This is the first in a series of posts I’ll write while in Ireland, which I’ve titled as ‘Miriam In Ireland, 2017’. Not an original series title, but at least you know what you’re in for. I’m not actually in Ireland yet, but the preparation stage is an important one in any holiday, so I thought I’d talk a bit about how that’s going and some of the things I’m looking forward to about the trip, as well as some of the things I’m afraid of.
My suitcase is almost packed now. I hate packing. Even with detailed lists to tick off, I still find it overwhelmingly stressful. I know there’s something I’ll forget — in Cornwall, it was some vital medication, which would be even more problematic in Ireland where I won’t be able to go to the nearest pharmacy and get hold of some emergency supplies. Then there’s the stress of whether or not everything will fit, and whether it’ll be too heavy.
It… sort of is. While well within British Airways luggage limits (only 17kg of 23kg), I still can’t lift my case, mainly because my right shoulder has chosen this week to be a piece of crap, so this is more than a little concerning. Travelling alone means I need to be able to lift the case onto buses and carry it up stairs by myself, and I’m not sure how I’m going to do that. I think this is going to be a trip where I rely substantially on the goodwill of strangers.
It’s not my first trip to Ireland, so I’ve learned from past mistakes: I know to pack for good weather (as it was in 2013) as well as awful weather (as in 2016), and to have a rucksack and raincoat that are actually waterproof. I’m not planning to do any three-hour walks in driving rain this time, but it’s good to be prepared.
To lighten my suitcase as much as possible, I’m not taking any paper books, just my Kindle. So I need to make sure I’ve got all my e-ARCs downloaded before I go, as well as a few other books. Hopefully, it’ll be a productive couple of weeks for reviews.
It’s hard to pack light as a coeliac, of course: in my suitcase I have various tupperware pots containing cereal and lentil pasta, as well as a pack of pitta breads and scotch pancakes. There’ll be more food in my rucksack. It’s not that I think Dublin doesn’t have any coeliacs; more that I’m not sure of my ability to get to a large supermarket under my own steam, without a car, and so I need to make sure I have enough to keep me going until I can track down adequate food.
There are still things to pack. Items of clothing that aren’t fully dry. Medication and technology I’ll be using tonight and tomorrow so can’t pack until I’m finished. Support bandages I need for dance tomorrow night. And I haven’t got my euros yet, because when I went to the Post Office yesterday they’d sold out, something I didn’t know was actually possible.
But it’s mostly done. I’m almost on my way.
I’m excited, because I’ve never been to Dublin before. Having read so much about it, both in terms of the modern-day city and its history, it’ll be exciting to see it in person. I’m planning to visit several museums, which will hopefully give me the chance to see items I’ve heard about in lectures.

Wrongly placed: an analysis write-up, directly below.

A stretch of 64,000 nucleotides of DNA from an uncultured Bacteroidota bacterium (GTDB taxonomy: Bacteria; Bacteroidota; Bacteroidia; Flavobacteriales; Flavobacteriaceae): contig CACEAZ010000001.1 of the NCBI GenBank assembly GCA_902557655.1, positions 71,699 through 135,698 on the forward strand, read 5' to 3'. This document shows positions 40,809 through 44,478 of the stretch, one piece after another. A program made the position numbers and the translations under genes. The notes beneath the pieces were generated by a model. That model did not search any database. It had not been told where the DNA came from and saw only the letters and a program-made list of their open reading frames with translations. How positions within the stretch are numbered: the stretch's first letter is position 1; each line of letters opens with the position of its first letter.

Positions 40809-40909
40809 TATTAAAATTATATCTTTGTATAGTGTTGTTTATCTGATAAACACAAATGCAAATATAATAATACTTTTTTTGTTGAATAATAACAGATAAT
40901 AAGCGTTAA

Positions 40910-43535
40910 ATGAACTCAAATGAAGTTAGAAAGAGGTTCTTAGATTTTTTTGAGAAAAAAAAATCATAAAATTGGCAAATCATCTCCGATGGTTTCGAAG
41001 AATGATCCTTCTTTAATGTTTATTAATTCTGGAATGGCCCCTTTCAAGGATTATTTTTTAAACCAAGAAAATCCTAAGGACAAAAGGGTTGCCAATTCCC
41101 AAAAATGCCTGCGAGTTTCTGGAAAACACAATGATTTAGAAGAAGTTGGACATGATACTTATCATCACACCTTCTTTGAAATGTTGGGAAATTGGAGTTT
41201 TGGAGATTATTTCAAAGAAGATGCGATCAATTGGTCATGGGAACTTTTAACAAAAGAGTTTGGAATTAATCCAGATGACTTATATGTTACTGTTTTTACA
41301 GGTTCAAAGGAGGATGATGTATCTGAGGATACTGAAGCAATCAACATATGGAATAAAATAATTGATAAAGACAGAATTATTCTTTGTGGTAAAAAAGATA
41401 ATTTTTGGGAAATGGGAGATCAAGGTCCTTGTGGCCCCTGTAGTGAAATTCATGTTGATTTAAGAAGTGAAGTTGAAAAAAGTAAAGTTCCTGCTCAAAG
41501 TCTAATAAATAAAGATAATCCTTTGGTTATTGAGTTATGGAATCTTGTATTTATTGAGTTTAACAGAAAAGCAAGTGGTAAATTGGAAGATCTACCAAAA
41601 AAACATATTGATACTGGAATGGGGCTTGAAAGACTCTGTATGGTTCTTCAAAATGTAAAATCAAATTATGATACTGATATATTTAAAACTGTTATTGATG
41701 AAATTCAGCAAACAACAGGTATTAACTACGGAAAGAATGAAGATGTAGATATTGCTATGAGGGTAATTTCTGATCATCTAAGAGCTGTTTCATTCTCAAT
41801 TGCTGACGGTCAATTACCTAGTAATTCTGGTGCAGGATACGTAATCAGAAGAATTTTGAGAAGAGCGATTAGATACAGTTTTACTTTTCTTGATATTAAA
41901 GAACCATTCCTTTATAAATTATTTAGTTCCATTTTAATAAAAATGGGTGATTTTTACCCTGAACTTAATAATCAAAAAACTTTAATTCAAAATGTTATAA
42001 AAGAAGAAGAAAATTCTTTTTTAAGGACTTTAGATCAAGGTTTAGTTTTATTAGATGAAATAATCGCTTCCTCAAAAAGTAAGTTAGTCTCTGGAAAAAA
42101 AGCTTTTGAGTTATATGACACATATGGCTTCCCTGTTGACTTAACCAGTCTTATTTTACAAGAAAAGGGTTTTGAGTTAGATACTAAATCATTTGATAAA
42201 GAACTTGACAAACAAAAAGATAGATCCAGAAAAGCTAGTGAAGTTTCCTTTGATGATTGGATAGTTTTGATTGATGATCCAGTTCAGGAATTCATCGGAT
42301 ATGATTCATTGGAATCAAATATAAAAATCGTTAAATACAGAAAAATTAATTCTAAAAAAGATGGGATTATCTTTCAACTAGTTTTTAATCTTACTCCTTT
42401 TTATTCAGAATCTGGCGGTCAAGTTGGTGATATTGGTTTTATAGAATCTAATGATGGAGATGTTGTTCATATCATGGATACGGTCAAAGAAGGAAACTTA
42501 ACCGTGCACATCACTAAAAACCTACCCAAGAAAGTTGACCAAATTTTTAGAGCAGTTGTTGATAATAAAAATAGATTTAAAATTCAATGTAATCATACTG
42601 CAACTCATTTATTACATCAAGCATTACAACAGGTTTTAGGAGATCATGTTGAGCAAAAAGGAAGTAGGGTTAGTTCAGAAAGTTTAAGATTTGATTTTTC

I’m scared, because I’ve never been to Dublin before. I have no sense of direction and as far as I can remember, it’s going to be my first time visiting a totally unknown city by myself. I’ve always been with friends or family in the past, and my mapreading skills leave much to be desired. Fortunately, my phone data now works in the EU, so I’ll be able to use Google maps, but I still foresee spending quite a bit of my time panicky and lost.
I’m excited, because I’m going on a course where I’ll get a flying headstart on learning modern Irish, which will hopefully motivate me to continue in my own time. I’ve tried to learn modern Irish in the past and failed to stick with it, but hopefully a week’s intensive course will get me past the boring beginner stages and into learning it properly. The course also involves ‘cultural’ aspects, and I’m psyched to finally get a proper lesson on the tin whistle, because I’m self taught and really not that great at it.
I’m scared, because I have no idea what the course will be like or what the other people will be like. Will I be the youngest there? Will others have tons of Irish experience? Will it be hard on my hands, which have been hurting a lot recently; will I actually be able to participate? Will the accommodation be nice? Will I be able to get hold of enough gluten-free food to keep me going for a week?
I’m excited, because I’m seeing multiple parts of the country in one trip, including a visit to Bru na Boinne to see Newgrange and Knowth. I’m going to places that I want to see, at my own speed and under my own steam.
I’m scared, because this means taking multiple cross-country buses, and I don’t handle travelling well — especially alone and with a heavy suitcase. Not to mention the fact a lot of these buses are the two-a-day, miss-it-and-you’re-screwed type; my anxiety goes through the roof with that kind of thing. Plus, I’m worried that pain or anxiety will prevent me from enjoying the things that I’m so looking forward to.
I’m excited, because travelling alone is supposed to be a great way to ‘find yourself’, or at least to find ideas, which I’m short of these days.
I’m scared, because travelling alone means relying on my body and brain, neither of which work brilliantly well and which might leave me in the lurch at any moment.
I’m excited. I’m scared. And I really, really hate packing.